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Walter3rd

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  1. The one thing that threw me was it said it was telling the Gospel of Matthew, but uses a parable (about the rich man and beggar in a church) that was from the gospel of Luke (18:9)
  2. Hi - I'm interested in how many sub-genres we can name that we've seen or heard about in the course. There's the "Theatrical Musical" - Golddiggers, etc. Broadway Adaptation - Cabin in the Sky, Guys and Dolls....most of the 60's musicals Dramatic Musicals - Funny Girl, South Pacific. For the Boys. Horror Musicals - Rocky Horror Picture Show And.....?
  3. I really enjoyed the early musicals we got to watch. My dad was a huge Lena Horne fan and now I can see why. I've always like the Fred and Ginger films, but never had enjoyed the Golddigger films until now - the only Golddiggers I recall were the ones on the old Dean Martin show!
  4. I feel the same way - even though both end pretty much at the same place, Godspell is the more optimistic of the two.
  5. Am I the only one who enjoyed Godspell? The play was very much like the film, with a few segments switched. But yeah, Jesus is dressed like that in the play as well as the film, and one person plays both John the Baptist and Judas. Maybe it's because I had seen the play I enjoyed the film as well.... Btw - if you search Godspell on YouTube, you can find a making of the film as well as the original play Jesus and John singing "All for the Best".
  6. Our community theatre actually did the stage show IN 1976. 20 years later they tried it again and couldn't get enough men, so they filled in with women in drag. They're trying it again this year, and I bet they end up doing the same thing.
  7. Even though she did her own singing, could not stand Meryl Streep trying to sing ABBA in "Mamma Mia" except for one ballad. They should have cast Olivia Newton-John.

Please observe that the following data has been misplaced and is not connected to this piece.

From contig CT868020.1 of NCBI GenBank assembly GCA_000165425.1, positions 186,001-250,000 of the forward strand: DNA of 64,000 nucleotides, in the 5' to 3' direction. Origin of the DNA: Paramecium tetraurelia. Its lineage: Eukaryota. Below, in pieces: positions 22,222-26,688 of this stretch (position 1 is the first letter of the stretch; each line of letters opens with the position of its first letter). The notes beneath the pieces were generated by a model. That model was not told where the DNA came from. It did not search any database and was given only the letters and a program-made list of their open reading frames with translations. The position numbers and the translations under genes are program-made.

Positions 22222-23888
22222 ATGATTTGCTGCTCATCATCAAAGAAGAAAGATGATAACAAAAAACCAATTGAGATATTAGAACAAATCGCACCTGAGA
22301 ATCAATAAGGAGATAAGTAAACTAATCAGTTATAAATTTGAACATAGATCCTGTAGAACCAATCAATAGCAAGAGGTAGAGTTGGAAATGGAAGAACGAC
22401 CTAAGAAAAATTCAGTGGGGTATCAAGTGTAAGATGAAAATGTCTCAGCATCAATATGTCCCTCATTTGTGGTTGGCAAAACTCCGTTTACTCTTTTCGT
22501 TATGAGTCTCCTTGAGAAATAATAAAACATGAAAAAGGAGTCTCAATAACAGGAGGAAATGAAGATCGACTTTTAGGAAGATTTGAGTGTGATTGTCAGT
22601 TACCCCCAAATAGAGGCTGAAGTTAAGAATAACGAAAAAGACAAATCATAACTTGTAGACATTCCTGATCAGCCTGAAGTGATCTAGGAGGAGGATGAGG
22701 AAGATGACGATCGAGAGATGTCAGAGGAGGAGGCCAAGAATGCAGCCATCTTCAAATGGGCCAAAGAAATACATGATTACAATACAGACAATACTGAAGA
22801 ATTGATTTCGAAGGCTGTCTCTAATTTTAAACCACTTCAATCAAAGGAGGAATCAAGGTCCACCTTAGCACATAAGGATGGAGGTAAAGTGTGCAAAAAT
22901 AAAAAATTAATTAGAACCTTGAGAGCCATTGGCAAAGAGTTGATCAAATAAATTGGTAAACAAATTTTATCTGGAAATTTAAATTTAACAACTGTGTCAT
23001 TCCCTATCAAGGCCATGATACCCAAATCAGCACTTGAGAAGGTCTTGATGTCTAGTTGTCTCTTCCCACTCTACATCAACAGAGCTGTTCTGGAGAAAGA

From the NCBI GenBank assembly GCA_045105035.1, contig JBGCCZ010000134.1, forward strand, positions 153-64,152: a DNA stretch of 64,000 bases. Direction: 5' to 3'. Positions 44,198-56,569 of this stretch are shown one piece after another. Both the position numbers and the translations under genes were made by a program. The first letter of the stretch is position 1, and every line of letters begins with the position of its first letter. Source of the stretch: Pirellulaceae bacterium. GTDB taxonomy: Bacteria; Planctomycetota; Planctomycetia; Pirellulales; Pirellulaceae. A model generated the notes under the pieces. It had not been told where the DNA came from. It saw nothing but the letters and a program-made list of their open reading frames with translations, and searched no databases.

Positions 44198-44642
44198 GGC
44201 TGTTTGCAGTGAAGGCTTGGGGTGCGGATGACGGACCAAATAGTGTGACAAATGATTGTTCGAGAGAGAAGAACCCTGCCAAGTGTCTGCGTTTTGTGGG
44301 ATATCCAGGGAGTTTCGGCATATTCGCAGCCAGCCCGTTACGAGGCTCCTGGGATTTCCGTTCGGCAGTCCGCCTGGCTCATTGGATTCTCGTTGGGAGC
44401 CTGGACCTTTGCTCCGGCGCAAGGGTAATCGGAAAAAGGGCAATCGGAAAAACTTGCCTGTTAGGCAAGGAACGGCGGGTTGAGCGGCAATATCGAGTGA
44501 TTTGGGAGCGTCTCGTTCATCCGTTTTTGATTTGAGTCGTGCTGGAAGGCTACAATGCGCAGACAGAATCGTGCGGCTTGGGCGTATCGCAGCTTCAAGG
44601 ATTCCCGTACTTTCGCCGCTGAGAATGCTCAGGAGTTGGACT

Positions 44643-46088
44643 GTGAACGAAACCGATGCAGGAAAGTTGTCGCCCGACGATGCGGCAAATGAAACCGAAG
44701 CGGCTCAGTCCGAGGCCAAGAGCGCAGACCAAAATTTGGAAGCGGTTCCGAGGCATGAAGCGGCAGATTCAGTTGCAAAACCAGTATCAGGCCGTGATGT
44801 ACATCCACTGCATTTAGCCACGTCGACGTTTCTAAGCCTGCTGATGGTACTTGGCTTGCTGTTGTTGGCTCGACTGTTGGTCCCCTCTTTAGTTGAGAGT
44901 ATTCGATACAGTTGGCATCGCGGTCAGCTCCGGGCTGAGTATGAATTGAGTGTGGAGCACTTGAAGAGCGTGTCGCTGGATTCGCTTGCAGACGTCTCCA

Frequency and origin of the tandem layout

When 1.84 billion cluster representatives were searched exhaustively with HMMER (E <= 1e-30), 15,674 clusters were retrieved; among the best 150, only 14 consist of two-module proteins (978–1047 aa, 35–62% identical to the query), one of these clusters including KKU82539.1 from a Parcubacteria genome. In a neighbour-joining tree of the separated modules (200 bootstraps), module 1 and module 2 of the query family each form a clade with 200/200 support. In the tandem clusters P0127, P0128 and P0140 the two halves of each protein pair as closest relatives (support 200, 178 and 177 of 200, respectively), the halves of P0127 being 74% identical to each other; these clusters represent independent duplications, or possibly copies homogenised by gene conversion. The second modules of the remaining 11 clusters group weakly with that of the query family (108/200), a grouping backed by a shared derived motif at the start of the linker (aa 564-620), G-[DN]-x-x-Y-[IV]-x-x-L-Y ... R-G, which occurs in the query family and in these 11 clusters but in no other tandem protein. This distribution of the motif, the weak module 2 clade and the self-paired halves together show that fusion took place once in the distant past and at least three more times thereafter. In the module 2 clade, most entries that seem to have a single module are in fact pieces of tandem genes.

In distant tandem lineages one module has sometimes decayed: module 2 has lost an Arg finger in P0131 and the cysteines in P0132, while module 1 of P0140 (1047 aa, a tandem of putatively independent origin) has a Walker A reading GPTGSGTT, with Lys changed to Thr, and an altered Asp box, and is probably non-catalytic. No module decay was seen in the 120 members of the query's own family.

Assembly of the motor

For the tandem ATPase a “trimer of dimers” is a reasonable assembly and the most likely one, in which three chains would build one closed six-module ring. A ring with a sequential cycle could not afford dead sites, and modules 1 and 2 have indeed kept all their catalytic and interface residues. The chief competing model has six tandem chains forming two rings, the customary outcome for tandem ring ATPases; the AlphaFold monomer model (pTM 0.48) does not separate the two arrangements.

8. What about - "Can Heironymus Merkin Ever Forget Mercy Humppe and Find True Happiness?" (1969) and let's not forget Mae West's last film "Sextette" (1978) with that irresistible duet between Mae West and Timothy Dalton!
  9. The last dose - ? Funny Girl - 1.How might Streisand’s performance of the song “People” have felt different in the film, had she been more theatrical and expressive, perhaps even belting her song more? If she had belted the song out it would have taken us "out of the movie" and out of the moment. The 'softness' in the tone is what makes it personal, a moment of realization for Fanny, and a moment for Fanny and Nick. 2. Note the emotional transition moments in this scene: how do the two characters relate to each other as the lyrics are sung? It starts out as conver
  10. 1. Explore any common themes and filmmaking techniques in a very different movie also directed by George Cukor, Gaslight. (If you are not familiar with Gaslight, compare and contrast Cukor's theme in this scene and his techniques with another musical you have seen during this course) Both Gaslight and MFL deal with a man manipulating a woman for their own ends. Boyer's role in Gaslight in more malevolent than that of Henry Higgens, who doesn't really see what he is doing. Both have confrontational scenes, save that the woman has the upper hand in Gaslight. 2. Note the emotional tr
  11. 1. As you look back to the masculine performances in musicals of past decades, what changes in male representation, and performance would you say are most noticeable? There was a style and elegance in the thirties that transformed in the fifties to a more aggressive, masculine tone in the fifties and early sixties. Astaire vs. Kelly. The more stylistic dancers of the fifties (Gene Nelson, Bob Fosse) would often play second fiddles (and then become directors of others musicals.) 2. What other specific qualities do you notice about Robert Preston in either or both of these clips?
  12. Daily dose #13 from Gypsy - 1. In what ways does this scene look backwards to classical musicals and how does it look ahead to new disruptions that we now know will happen in the movie musical? The backwards nod is the story itself - It is about life in the theatre and the people you meet there. We see this in 42nd street, the Follies of the 30's films. Again, it is about the journey of one female from nobody to star. As for looking towards the future, I think the overall adult theme of the story, how a girl from 2nd rate vaudeville had to become a stripper to be a star and th
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